Testing valuable info for Martin

  By Jeff Birchfield
  star staff
  jbirchfield@starhq.com
  BRISTOL -- A winning driver from the time he was a 15 year-old on the Arkansas dirt tracks, Mark Martin has hundreds of racing trophies including 34 at the Nextel Cup level. Still, when it came to testing at Bristol Motor Speedway Tuesday, Martin took a workman-like approach.
  "It's going OK, we're just looking to make the car fast," said Martin, 45. "You pick your tracks and we picked here to see if we could get going better than we have the last few times here."
  Martin, who already has two wins (1993 and 1997) in the Sharpie 500, explained that testing at Bristol gives the No. 6 Viagra Ford team a chance to venture away from the normal car combinations they would stick to on race weekends.
  "You can try things here you don't time to try during the hour and a half you get to set up for the race," said the Daytona Beach, Fla. resident. "It's not much time, so you can't stray from the normal baseline kind of things.
   "This gives you an opportunity to look at different things. It's real competitive. There's nothing here we're going to do that will make us demolish the competition. People test at every race and not everyone is able to do that."
  The testing process has changed from the time, Martin was a Cup Series rookie in 1982 to today. The advent of computers and other equipment foreign 20 years ago have accelerated a team's learning curve at the track.
  "You get a lot more done now," said the two-time Sharpie 500 winner. "We work really hard at it and get a lot of changes across the car."
  Currently, Martin is one of the drivers right outside of NASCAR's top ten in the "Chase for the Championship" playoff run. He looked in prime position to crack the top ten this past weekend until a flat tire on the last lap of the Brickyard 400 relegated him to a 25th place finishing position.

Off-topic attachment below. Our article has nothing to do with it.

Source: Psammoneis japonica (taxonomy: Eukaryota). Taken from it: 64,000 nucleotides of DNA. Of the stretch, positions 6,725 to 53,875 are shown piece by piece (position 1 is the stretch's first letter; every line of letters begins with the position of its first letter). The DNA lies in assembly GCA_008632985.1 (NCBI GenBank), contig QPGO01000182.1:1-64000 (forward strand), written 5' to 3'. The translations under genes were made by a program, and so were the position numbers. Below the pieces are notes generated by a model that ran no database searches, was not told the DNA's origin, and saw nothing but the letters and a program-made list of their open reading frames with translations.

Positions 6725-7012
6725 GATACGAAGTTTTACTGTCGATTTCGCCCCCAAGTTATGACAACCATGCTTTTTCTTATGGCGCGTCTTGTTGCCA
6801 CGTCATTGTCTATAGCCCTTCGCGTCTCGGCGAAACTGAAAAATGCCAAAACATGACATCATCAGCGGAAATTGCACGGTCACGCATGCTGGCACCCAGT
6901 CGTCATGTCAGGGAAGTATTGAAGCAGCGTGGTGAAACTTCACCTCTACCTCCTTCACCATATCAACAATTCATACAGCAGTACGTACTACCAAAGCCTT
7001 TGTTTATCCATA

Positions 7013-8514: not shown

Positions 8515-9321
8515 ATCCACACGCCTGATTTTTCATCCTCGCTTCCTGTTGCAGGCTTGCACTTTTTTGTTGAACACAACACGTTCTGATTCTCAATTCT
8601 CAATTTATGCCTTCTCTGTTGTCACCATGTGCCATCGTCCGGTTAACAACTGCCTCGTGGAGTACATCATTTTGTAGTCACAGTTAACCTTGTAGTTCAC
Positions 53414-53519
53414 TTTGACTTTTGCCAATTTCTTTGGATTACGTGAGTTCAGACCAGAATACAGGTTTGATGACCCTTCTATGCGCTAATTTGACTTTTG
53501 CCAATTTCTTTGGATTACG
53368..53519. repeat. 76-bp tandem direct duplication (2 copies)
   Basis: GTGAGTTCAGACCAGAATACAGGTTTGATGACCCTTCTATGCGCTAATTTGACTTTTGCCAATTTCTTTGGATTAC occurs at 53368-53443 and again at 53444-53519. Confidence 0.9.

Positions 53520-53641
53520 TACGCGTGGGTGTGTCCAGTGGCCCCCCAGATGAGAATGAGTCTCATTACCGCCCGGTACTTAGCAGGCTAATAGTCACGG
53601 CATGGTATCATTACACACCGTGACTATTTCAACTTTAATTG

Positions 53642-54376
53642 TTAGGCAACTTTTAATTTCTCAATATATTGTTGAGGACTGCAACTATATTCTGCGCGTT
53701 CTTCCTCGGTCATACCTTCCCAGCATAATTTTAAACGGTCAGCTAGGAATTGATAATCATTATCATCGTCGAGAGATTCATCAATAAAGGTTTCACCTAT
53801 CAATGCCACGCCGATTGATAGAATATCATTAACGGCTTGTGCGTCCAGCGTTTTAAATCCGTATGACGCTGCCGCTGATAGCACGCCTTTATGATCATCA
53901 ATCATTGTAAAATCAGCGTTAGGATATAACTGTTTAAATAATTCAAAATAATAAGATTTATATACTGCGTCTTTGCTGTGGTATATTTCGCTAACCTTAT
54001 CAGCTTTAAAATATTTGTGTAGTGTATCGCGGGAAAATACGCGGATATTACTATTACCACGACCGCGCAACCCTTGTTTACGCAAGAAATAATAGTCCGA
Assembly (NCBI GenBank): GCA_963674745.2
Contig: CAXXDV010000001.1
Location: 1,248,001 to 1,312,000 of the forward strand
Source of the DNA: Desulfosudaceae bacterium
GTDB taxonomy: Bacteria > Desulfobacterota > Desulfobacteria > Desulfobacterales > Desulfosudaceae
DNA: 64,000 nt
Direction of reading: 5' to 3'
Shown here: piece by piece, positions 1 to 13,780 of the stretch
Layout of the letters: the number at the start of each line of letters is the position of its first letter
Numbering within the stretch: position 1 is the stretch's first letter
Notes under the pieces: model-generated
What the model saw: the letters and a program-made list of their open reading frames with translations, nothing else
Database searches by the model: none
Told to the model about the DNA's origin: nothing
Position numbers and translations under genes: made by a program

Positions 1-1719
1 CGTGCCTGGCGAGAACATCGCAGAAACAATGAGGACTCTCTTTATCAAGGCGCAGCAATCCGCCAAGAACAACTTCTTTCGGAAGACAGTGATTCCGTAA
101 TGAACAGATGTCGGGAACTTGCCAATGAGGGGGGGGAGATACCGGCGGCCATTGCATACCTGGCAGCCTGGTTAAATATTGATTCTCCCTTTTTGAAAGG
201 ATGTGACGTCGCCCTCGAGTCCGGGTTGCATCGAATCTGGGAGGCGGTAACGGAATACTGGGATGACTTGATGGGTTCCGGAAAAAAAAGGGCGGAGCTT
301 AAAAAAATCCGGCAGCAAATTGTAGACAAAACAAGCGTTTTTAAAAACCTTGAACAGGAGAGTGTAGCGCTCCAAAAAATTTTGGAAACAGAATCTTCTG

"We've had a whole lot of bad luck this year and spotted these guys some points," said Martin. "It looked a lot better last week before we had the flat.
  "Certainly there were a lot of flat tires at Indy. Some of them were for punctures. Some were for other reasons. There were more problems than seen in the history of Goodyear's radial tires."
  He hasn't given up on the chance to make the playoffs and win a first Nextel Cup title after four times being a Winston Cup runner-up. Many consider Martin the greatest NASCAR driver never to win the title. He came only 26 points shy of winning the 1990 title after suffering a rules infraction at Richmond where his team was penalized 46 points.
  Ten years the Batesville, Ark. native finished in the top 5 in the series standings. In addition he has won 41 career poles and is the all-time leading race winner in the Busch Series. Other accomplishments include being a four-time IROC champ, a record shared with Dale Earnhardt, the all-time winningest driver in the IROC all-star series and a four time ASA champ.
  "We are pretty far behind," said Martin about the 2004 race for the chase. "We aren't behind because we haven't run good. We've had some fantastic race cars this year. I'm real proud of how we've run on the track. We've just had an extraordinary amount of problems this year, which we couldn't have forseen."
  One bright spot came in June, when Martin held off Tony Stewart to win the MBNA Heroes 500 at Dover, Delaware. A host of problems ranging from a blown motor in the Daytona 500 to the aforementioned flat tire on the last lap at Indy have soured what otherwise would be a great season.
  "Struggles are caused from all different kinds of things," said Martin, referring back to 30 years of racing experience. "They are caused by too much knowledge, not enough knowledge, too much age, not enough age."
  When the age issue comes up, it is inevitable questions arise about the success of Martin's younger teammates. Matt Kenseth, driver of the No. 17 Ford, is the defending NASCAR champion and Kurt Busch, driver of the No. 97, has won the last three Cup Series races at Bristol.
  Martin bristled when asked if luck played a major part in Busch's success at BMS.
  "Kurt hasn't been lucky, he's been good," said Roush Racing's senior driver. "Kurt runs good here, but when we put the set-up in our car, we don't run good. All you can do here at Bristol is run good and hope the crash doesn't get you."
  This weekend, the focus will be turning left and right. The Nextel Cup Series visits the road course at Watkins Glen, where Martin ranks as a four-time race winner.
  "I'm not particularly excited about that place any more than anywhere else," admitted Martin. "Each race is a new opportunity. We've had a good history there. I'm not sure I've run better there than Sears Point (the other NASCAR road circuit), I've just finished better."